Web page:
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The contribution of the National Health Service to gains in quality adjusted life expectancy: lessons from the past and implications for the future

The contribution of the National Health Service to gains in quality adjusted life expectancy: lessons from the past and implications for the future

This research project is being supported by as a three year British Academy postdoctoral fellowship.

Despite prodigious gains in the health of the population of England and Wales during the twentieth century there have been increasing accusations of inefficient and costly health delivery under the NHS. The aim of this project is to provide a substantiated estimate about the contribution of the NHS to the health and welfare of the population over the twentieth century. This will be achieved through the creation of a quantitative methodology that can value health gains attributable to healthcare. In the process of generating the most meticulous results to date about the performance of the NHS and its contribution to the improved health of the population the project will evaluate different approaches to healthcare delivery (in England and the United States over the twentieth century) in order to generate justified policy recommendations about the most efficacious future approach of the NHS.

Considerations about the contribution of health services to health gains will be made for England and the USA because they represent two relatively similar economies – in terms of development and broad health profiles – but have had contrasting healthcare delivery, funding and management systems and the largest margin in healthcare spending out of all OECD countries in the year 2000. The twentieth century will be considered by the project with a dichotomy between the periods 1900-1948 and 1948-2000. In this project health will be evaluated as mortality and morbidity (referred to as ‘Quality Adjusted Life Expectancy’ [QALE]). The appeal of considering health as a combination of the death rate and the prevalence of illness adjusted for the burden have been outlined in the literature and also highlighted by my PhD thesis.

This project builds upon the original methodology and conclusions of my thesis, which measured ‘Quality Adjusted Life Expectancy’ (QALE): mortality gains in conjunction with morbidity gains (prevalence of a disease adjusted for the ‘quality adjusted life year’ [QALY]), for twentieth century England and Wales. Gains in the QALE were valued, in monetary terms, and appended to GDP growth for the twentieth century. The results of this exercise highlight the need to consider health gains as more than just improvements in the death rate and also that health gains are very valuable.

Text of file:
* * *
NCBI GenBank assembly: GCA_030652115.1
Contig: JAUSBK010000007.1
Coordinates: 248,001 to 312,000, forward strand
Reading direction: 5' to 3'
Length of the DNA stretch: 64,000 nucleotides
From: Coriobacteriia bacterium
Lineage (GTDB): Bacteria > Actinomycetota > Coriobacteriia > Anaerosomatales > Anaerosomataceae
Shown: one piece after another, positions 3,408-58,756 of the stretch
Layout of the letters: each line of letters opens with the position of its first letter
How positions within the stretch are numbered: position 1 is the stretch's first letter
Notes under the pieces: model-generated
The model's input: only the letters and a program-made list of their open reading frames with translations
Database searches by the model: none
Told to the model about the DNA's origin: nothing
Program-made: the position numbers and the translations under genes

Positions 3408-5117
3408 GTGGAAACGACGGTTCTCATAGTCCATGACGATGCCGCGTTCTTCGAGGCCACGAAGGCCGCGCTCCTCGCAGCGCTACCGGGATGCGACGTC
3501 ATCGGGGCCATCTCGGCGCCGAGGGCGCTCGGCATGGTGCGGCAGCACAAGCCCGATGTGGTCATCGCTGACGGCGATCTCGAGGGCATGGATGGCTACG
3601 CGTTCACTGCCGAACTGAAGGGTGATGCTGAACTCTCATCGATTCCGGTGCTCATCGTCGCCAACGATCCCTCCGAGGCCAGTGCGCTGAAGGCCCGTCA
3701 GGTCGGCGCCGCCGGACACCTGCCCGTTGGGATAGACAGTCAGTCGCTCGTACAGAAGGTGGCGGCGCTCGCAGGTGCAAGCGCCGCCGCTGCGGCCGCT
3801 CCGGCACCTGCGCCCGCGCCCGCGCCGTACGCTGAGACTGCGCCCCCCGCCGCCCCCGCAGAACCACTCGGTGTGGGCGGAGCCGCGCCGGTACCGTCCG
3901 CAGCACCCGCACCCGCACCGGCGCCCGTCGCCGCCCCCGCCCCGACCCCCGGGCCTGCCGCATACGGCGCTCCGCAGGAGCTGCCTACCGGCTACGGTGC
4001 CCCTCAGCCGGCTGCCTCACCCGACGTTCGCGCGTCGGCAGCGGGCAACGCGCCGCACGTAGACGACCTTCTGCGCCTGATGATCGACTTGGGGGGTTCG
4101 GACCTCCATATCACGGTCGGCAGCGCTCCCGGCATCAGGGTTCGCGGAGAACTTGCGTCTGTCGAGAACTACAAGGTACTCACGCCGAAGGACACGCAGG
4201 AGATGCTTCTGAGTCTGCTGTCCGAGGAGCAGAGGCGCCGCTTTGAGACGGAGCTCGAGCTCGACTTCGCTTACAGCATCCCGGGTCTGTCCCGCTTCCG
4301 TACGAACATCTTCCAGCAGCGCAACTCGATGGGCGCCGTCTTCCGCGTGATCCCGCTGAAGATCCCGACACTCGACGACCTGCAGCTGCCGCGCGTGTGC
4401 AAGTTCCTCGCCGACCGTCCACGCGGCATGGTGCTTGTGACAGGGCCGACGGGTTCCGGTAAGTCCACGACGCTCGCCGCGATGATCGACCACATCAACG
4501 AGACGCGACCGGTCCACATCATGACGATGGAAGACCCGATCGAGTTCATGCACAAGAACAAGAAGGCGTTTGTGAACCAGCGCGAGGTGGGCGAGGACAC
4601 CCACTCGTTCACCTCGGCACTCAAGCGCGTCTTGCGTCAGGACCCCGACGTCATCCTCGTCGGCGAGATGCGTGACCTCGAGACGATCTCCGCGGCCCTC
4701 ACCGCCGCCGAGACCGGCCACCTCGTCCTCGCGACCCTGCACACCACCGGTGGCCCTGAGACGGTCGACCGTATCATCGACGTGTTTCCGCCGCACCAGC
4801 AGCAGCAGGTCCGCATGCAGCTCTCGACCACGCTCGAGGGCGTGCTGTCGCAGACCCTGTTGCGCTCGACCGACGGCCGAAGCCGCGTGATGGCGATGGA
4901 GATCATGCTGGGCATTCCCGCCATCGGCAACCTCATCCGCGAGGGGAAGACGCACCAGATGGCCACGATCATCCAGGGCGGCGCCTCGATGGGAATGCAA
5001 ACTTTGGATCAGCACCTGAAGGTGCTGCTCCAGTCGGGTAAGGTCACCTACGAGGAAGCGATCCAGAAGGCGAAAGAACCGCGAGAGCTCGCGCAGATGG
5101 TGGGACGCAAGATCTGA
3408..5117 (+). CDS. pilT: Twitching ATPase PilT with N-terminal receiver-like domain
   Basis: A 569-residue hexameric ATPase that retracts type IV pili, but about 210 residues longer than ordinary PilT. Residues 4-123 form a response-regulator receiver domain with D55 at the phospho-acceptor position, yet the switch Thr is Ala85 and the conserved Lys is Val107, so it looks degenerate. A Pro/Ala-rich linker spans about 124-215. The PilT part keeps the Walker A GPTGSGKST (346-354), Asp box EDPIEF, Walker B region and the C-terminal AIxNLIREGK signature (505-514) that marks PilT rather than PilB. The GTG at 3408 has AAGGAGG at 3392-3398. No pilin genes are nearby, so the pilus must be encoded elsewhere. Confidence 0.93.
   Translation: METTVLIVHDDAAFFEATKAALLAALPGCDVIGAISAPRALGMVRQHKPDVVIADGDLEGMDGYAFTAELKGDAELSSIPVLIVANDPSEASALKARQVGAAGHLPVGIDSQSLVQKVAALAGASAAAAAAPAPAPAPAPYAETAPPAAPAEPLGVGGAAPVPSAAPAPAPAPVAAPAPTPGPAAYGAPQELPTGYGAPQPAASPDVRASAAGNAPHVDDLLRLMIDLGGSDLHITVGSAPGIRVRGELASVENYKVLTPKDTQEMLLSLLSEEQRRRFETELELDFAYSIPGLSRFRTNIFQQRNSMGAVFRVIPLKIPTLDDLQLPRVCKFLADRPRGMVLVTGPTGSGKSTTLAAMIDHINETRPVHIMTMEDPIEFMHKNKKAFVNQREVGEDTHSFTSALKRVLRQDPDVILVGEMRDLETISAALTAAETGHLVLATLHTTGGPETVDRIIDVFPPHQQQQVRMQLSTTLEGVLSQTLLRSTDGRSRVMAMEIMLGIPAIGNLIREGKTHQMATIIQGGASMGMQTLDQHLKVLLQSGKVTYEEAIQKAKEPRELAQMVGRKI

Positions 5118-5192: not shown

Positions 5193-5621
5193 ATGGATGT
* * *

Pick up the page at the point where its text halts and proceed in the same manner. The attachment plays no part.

Once the QALE gain results have been generated for the USA, they will be compared with my existing QALE gain estimates for England. Both QALE gains will be applied to a further methodology which will identify the amount of QALE gain generated by the health service in the USA and England. This is because not all improvements in health are a result of medical interventions. For example, the health benefits of preventative healthy lifestyles and national education initiatives (which were in their infancy at he close of the twentieth century, but are likely to become increasingly important in the twenty first century as healthcare costs escalate). This part of the project will identify the quality and drawbacks of different approaches to healthcare delivery (as identified by the results about QALE attributable to healthcare in England and the USA during different eras of the twentieth century) and in the process will provide conclusions about the potential of different approaches to healthcare delivery, funding and management, which will provide a crucial insight for the concluding policy suggestions of the project.

The project will provide valuable contributions to knowledge through answering the following central questions. The initial question (what has been the comparative value of the QALE gains in England and the USA during the twentieth century?) will enhance the existing USA mortality only estimates, for periods before 1970. Following on from this the project will answer: how much of these QALE gains are attributable to healthcare? And, what delivery (prevention, diagnosis or treatment focused), financing (closer to 15% of GDP as in the USA or 7% as in the UK in 2000) and management (public, private or some hybrid) approaches to healthcare yield the greatest QALE gain return? Currently only healthcare attributable to mortality estimates exist and these estimates tend not to consider long run historical time series and very few of these studies have contemplated mortality attributable to different stages of healthcare and none of these studies have adopted such a holistic concept of health (QALE) and healthcare (delivery, financing and management). The project results will also answer: what are the most efficacious approaches to healthcare? And, are these approaches being fully utilised by the NHS? The project will conclude with a robust answer to: what do all of these findings imply for future NHS policy?